For starters, independent tutors are heavily reliant on testimonials and referrals for new work opportunities. So if parents/friends/faculty don’t recommend you for whatever reason, then scaling up with ads/promotions probably won’t get you to the promised land of self-sustainability. Further, many households view tutoring as a luxury item and thus an obvious candidate to be excised when financial problems arise. And in the test prep world, tutors are generally retained only until the test, which can mean short gigs and high client churn.

So while tutoring has undeniable perks, none of that matters if you can’t generate enough tutoring hours to sustain you.

With that in mind, here are five techniques I’ve found that make tutoring gigs last longer and increase the likelihood of referrals:

1. Model Excellence
We all know the importance of positive modeling in early childhood development. When it comes to adolescence, this is just as critical. If the tutor is perpetually late, it’s only a matter of time before the student is too. Likewise, with cancellations and reschedules. Whether or not they directly acknowledge it, parents and students appreciate (and expect) diligence in their tutor. So behaving like a consummate professional will absolutely translate into new and/or extended tutoring opportunities.

2. Set realistic (attainable) academic goals
Frequently, parents and students perceive tutors as quick fixes to academic challenges. It’s not hard to see why: what parent wouldn’t want to believe that their son/daughter was only a trick or two away from an improved class performance/test score? Disabusing clients of this perspective can be daunting, but it’s essential. An expectation of instant stark academic improvement is almost certain to lead to disappointment. What’s more, chasing a quick gain can lead to an inferior product and an emphasis on the result ahead of the process, which is not a recipe for lasting academic gains.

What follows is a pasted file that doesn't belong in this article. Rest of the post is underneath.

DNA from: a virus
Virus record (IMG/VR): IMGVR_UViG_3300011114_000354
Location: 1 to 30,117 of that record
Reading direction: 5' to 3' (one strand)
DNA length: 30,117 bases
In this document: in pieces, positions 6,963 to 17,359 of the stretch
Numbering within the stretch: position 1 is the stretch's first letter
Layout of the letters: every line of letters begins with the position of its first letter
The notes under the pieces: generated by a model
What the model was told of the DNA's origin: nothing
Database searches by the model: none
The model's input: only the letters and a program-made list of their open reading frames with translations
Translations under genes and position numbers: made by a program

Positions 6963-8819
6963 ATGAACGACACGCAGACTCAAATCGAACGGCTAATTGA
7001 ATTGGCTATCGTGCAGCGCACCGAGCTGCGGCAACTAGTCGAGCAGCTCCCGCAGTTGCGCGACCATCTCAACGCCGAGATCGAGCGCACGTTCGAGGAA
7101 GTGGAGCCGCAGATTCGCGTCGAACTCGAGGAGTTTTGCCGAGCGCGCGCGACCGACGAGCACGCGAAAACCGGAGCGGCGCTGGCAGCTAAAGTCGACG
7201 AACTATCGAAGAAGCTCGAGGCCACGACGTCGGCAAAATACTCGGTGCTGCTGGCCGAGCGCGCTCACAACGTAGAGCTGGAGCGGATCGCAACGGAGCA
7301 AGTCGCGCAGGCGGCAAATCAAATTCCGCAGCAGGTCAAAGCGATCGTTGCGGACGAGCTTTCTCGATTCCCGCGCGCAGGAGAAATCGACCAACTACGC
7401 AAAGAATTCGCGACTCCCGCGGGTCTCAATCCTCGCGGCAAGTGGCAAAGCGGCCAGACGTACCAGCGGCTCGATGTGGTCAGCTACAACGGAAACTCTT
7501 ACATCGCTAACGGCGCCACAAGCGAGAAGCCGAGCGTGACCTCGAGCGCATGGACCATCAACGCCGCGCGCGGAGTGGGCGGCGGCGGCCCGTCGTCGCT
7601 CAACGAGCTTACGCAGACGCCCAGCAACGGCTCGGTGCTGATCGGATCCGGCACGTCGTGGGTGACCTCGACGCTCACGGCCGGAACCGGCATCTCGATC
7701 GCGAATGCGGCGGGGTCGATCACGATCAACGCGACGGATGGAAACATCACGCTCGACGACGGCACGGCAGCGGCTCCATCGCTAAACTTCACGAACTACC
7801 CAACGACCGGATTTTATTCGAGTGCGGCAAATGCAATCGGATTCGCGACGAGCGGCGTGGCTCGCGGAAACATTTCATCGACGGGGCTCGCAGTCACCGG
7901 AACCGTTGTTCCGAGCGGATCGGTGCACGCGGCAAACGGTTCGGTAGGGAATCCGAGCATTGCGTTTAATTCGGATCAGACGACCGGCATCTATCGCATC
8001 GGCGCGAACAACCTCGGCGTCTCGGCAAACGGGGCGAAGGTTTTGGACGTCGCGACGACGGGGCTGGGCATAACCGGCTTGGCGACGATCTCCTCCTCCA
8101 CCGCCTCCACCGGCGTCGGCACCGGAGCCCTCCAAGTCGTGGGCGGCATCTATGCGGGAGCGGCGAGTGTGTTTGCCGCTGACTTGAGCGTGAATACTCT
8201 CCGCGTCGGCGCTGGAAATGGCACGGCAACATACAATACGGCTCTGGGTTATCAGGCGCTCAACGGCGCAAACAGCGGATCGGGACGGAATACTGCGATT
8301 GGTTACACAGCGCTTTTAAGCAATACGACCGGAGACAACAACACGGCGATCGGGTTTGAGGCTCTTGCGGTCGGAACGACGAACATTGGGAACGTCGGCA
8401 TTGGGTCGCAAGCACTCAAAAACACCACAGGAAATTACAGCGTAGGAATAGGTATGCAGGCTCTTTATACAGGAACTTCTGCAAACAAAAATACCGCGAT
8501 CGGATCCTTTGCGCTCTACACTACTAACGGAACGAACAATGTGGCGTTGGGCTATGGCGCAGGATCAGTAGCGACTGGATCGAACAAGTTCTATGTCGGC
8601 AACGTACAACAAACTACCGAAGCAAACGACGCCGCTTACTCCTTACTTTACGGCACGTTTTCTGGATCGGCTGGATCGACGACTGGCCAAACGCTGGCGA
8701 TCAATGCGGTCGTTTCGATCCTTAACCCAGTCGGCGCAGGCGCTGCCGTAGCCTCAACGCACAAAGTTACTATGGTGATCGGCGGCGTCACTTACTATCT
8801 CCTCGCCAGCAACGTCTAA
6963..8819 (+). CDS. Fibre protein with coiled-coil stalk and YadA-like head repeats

3. Communicate honestly and openly with students and parents
As with the previous example, it can be difficult to tell the truth about student progress when things aren’t, well, progressing. Still, the more regularly and honestly you communicate with parents, the better they’ll understand the challenges before them and the more they’ll ultimately value your contribution. Session reports are an essential ingredient in that process.

4. Diversify your skill set
If you want to make yourself indispensable to a family and more marketable in general, brush up on specific academic skills. I’ve found that high school math and science, and college entrance exam (SAT and ACT) test prep skills are what parents want support in above all. Learning the intricacies of these or other disciplines means you’ll be more qualified for more tutoring opportunities. And remember, most parents would rather keep you on to help with something additional - provided you’re qualified - than search for a new tutor.

5. Stay positive
For most kids, school is just plain difficult. And the world already has plenty of parents and teachers and administrators who think admonishing kids is the way to push them forward academically. Of course, there are situations in which kids need to be chastised, but it’s been my experience (as both a tutor and a teacher) that kindness and an acknowledgement of things that the student has already done well go further than a more austere approach.

Teaching is difficult. Anyone who says otherwise hasn’t really taught or has an agenda. But whether you’re a tutor or a classroom teacher, this much is undeniable: you have before you an incredible opportunity to change lives and ignite intellectual passion. And if you’re like me and you’re not sure you have the makeup for classroom teaching, tutoring represents a terrific foray into meaningful work that can also be flexible and financially viable.

About The Author

Josh Sohn

Josh Sohn